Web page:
Gwen Moritz

Big Fat Lies

Gwen Moritz Editor's Note

Big Fat Lies
John Rogers

Deciding on a headline for the story on John Rogers that Senior Editor George Waldon wrote for last week’s “Fifth Monday” feature became a group activity in the small Arkansas Business newsroom. We settled on “House of Cards,” which wasn’t particularly original but was fitting for the sports memorabilia dealer whose celebrated career was a sham.

One of the frontrunners was “Big Fat Liar,” which I ultimately rejected because I didn’t want to be accused of body-shaming. I didn’t want anything to distract from the point of Waldon’s reporting: Rogers lied to everyone in his path. He didn’t just lie to investors and lenders, although he certainly did that and will presumably spend time in federal prison as a result. (He is scheduled to be sentenced in federal court in Chicago on Sept. 12.)

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Lying to get money is at least understandable. Rogers needed money to support the lifestyle he claimed to have earned, so he lied about the cost (and resale value) of assets he was financing. He offered up collateral that he never owned. He created a phony invoice for nonexistent equipment that would secure a fraudulent loan. It’s rational — criminal but not baffling.

But Rogers lied when there was no reason to lie. In one example Waldon uncovered, Rogers claimed in an online forum that he self-financed his photo archive business by liquidating $10 million in real estate. Simply not true. He also claimed that he and his wife owned the largest day care in the South, which was roughly equivalent to my claiming that I edit the largest publication in the South. Yes, the Rogerses were in the day care business; otherwise, it’s nonsense.

He lied to Mac Hogan, an investor who now has a $42 million judgment against Rogers, said Rogers’ lies started when they met and continued in his statement to the Arkansas Democrat-Gazette about efforts to pay Hogan. (It’s barely worth noting, but Rogers also lied to reporters. Hold that thought.)

He lied to customers. His faking of a Heisman Trophy has been widely reported, so Waldon didn’t delve into that last week, but counterfeiting memorabilia seems to have been a big part of Rogers’ business.

He lied to people who sold him valuable assets like genuine photo collections and newspaper photo archives, leading to a parade of civil suits.

His lifestyle — over-the-top mansion in North Little Rock, $10,000-a-month lease on a condo overlooking New York’s Central Park — was a lie, suggesting that his businesses were throwing off that kind of profit. His bookkeeping was a lie. In a maneuver reminiscent of Enron’s infamous Nigerian barges, Rogers booked borrowed money as revenue.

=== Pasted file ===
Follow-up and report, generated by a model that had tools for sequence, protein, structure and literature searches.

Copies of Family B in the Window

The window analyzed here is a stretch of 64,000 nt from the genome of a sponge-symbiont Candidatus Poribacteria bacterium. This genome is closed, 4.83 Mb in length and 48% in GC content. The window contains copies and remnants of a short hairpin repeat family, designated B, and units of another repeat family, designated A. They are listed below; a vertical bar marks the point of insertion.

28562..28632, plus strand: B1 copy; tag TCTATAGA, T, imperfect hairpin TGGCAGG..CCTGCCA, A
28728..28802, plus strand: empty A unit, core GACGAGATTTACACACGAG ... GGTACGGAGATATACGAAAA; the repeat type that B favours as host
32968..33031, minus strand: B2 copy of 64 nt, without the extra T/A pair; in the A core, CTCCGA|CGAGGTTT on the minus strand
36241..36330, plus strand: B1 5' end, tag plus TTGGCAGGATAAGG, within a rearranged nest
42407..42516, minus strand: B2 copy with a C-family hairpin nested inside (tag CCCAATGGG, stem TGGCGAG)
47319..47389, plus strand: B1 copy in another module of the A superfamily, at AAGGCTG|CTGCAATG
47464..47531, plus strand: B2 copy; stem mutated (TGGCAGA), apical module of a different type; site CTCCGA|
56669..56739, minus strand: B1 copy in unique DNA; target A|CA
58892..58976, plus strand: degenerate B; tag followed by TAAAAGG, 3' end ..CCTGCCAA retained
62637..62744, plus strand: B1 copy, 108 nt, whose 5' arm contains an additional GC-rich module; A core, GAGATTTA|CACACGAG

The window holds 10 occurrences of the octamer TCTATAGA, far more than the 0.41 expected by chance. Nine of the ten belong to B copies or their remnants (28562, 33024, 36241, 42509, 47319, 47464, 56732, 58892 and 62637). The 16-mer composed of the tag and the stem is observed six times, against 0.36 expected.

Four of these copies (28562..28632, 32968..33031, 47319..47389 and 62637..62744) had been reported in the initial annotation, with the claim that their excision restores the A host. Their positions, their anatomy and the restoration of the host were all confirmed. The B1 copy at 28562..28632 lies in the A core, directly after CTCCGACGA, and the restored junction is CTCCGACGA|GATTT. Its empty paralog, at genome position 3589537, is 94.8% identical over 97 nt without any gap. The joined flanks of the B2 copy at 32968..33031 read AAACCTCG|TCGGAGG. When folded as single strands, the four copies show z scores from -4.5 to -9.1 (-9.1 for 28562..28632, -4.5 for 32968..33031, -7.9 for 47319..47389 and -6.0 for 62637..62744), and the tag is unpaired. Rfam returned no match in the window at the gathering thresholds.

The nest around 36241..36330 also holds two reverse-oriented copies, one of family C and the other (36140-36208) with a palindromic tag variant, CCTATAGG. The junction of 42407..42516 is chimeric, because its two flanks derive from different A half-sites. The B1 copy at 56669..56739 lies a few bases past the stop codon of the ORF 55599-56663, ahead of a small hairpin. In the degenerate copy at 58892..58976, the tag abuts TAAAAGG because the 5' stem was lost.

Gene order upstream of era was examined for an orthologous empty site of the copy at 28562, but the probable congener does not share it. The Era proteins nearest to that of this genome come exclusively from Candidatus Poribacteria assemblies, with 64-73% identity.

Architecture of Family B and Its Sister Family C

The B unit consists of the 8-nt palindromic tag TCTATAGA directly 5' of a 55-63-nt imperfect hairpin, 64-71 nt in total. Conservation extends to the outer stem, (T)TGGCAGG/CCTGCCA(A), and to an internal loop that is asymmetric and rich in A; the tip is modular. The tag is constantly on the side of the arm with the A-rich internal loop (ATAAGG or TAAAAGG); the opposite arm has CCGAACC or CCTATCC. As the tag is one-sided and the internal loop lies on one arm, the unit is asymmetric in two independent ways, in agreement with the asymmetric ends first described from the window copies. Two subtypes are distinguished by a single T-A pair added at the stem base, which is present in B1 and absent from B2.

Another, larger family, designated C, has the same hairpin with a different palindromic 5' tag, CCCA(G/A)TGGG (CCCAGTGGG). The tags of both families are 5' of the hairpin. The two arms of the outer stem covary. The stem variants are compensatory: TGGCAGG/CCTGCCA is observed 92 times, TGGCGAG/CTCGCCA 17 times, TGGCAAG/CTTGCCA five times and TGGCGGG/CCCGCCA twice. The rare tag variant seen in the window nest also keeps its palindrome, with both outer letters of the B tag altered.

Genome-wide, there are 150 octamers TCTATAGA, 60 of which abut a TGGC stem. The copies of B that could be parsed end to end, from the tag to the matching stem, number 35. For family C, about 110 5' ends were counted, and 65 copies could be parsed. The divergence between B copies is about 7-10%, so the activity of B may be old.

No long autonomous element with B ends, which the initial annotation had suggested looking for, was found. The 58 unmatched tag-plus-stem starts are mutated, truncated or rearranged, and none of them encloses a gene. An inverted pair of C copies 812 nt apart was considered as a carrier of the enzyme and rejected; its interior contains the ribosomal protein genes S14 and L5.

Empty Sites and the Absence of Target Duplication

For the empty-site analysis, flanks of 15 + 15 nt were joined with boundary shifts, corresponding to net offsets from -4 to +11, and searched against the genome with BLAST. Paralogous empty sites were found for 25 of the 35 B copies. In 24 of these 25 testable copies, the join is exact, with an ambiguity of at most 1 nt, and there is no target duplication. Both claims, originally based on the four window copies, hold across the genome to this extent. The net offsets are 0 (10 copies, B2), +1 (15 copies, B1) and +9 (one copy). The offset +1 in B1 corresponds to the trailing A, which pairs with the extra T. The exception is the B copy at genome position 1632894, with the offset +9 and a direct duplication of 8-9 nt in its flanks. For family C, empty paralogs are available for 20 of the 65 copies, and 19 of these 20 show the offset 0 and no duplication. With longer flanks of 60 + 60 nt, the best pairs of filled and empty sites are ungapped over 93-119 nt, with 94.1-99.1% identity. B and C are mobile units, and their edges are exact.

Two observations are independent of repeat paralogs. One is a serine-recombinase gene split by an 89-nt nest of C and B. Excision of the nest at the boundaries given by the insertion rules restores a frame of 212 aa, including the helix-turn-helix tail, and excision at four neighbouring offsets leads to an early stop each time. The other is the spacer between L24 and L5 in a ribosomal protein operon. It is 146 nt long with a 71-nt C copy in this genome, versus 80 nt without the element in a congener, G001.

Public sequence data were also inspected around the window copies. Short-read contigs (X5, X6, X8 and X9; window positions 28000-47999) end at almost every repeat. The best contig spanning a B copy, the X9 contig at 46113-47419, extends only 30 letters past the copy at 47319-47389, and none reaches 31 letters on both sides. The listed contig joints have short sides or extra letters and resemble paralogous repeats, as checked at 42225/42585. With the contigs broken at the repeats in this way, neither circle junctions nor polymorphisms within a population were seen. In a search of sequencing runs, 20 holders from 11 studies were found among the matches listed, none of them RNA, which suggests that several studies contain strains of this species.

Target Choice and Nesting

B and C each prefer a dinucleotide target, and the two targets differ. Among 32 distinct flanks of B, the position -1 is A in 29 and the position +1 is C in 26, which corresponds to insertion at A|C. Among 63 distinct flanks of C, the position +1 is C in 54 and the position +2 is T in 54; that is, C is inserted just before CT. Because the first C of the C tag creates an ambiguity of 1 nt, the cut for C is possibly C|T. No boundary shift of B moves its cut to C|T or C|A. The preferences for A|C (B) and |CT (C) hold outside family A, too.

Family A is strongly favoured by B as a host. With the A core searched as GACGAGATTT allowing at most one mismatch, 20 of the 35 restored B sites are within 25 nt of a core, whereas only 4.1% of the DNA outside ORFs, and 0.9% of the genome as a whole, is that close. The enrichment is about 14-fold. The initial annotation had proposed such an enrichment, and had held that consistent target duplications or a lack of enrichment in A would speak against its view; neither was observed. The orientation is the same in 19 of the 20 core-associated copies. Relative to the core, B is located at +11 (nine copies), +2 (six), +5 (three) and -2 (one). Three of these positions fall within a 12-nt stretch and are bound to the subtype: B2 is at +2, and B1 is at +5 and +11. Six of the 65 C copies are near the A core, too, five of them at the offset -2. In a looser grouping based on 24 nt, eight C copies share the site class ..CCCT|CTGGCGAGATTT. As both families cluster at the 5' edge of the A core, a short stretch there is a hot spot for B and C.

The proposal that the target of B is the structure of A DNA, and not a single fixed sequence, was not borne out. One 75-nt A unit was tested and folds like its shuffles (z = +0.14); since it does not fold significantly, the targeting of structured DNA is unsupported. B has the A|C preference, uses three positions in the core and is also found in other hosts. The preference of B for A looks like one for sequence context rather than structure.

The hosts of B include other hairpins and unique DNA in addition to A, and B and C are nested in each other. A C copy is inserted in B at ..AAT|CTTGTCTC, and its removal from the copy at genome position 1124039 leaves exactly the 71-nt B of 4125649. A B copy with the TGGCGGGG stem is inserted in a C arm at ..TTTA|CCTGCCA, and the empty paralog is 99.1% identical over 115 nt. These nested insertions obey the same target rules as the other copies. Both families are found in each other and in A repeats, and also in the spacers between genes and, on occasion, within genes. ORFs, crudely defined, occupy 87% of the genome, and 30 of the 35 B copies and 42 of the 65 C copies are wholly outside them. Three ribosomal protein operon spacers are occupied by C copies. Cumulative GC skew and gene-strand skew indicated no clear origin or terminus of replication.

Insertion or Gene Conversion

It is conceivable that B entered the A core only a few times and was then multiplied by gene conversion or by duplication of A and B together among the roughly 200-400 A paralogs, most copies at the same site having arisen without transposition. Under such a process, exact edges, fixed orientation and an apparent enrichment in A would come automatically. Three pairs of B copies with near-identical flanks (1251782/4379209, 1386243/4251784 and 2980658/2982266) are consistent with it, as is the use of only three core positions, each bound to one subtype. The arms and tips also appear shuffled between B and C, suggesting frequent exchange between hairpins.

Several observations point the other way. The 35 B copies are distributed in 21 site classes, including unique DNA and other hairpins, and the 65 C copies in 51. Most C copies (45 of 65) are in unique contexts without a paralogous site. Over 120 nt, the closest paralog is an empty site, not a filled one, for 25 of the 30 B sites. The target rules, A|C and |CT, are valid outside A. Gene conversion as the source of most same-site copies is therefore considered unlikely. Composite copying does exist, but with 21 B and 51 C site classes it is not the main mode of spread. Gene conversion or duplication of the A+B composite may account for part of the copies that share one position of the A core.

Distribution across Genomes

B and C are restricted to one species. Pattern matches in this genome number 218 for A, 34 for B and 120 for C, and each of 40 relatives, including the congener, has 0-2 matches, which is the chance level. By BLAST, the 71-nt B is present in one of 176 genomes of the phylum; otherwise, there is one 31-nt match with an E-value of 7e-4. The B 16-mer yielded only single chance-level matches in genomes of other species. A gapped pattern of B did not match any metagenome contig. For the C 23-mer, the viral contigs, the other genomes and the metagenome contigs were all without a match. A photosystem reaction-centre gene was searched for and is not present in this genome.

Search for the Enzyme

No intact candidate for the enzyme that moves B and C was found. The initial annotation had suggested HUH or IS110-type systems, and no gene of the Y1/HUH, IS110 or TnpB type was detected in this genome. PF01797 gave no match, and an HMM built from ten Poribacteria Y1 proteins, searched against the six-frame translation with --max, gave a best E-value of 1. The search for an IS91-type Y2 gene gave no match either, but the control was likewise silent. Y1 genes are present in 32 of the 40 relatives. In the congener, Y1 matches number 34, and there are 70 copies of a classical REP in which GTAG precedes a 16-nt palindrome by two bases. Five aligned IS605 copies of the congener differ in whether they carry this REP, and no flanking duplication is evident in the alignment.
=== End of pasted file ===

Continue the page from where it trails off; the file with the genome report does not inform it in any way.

After he made a plea deal and admitted to a federal crime, Rogers went on Facebook to complain about the Democrat-Gazette’s repeated use of a particular police booking photo — the one made, he wrote, “in July of 2015 where I was high on Cocaine.”

Rogers, lying to himself, suggested that his irrepressible manliness might be the reason the D-G was punishing him: “So tell me, did I possibly grab the backside of an editor’s wife? Or, God forbid, did I sleep with one of their wives?”

Even in his dispute with another publication, he couldn’t resist throwing in a lie about this publication’s tireless reporting on what certainly ranks as one of the three largest frauds ever perpetrated in our state. “I’m paying the dear cost of sleeping with a reporter’s wife through one writer at Arkansas Business,” he wrote.


In addition to lying to journalists, then, Rogers lied about journalists. This is undoubtedly the most socially acceptable of his lies — it is, after all, a favorite diversionary tactic of the president of the United States — although it seems to be losing its power to persuade.

After Greg Gianforte went from zero to violent assault in 10 seconds, the Montana Republican initially lied about provocation by a pesky reporter who had dared ask him a question. Only after witnesses described the attack in even starker terms than did the victim did Gianforte acknowledge wrongdoing.

By then he had been elected to Congress. Well over half of the votes had been cast before the attack, so it’s hard to say whether Gianforte was helped or hurt when he attacked a reporter and followed it up with a big fat lie.

Gwen Moritz is editor of Arkansas Business. Email her at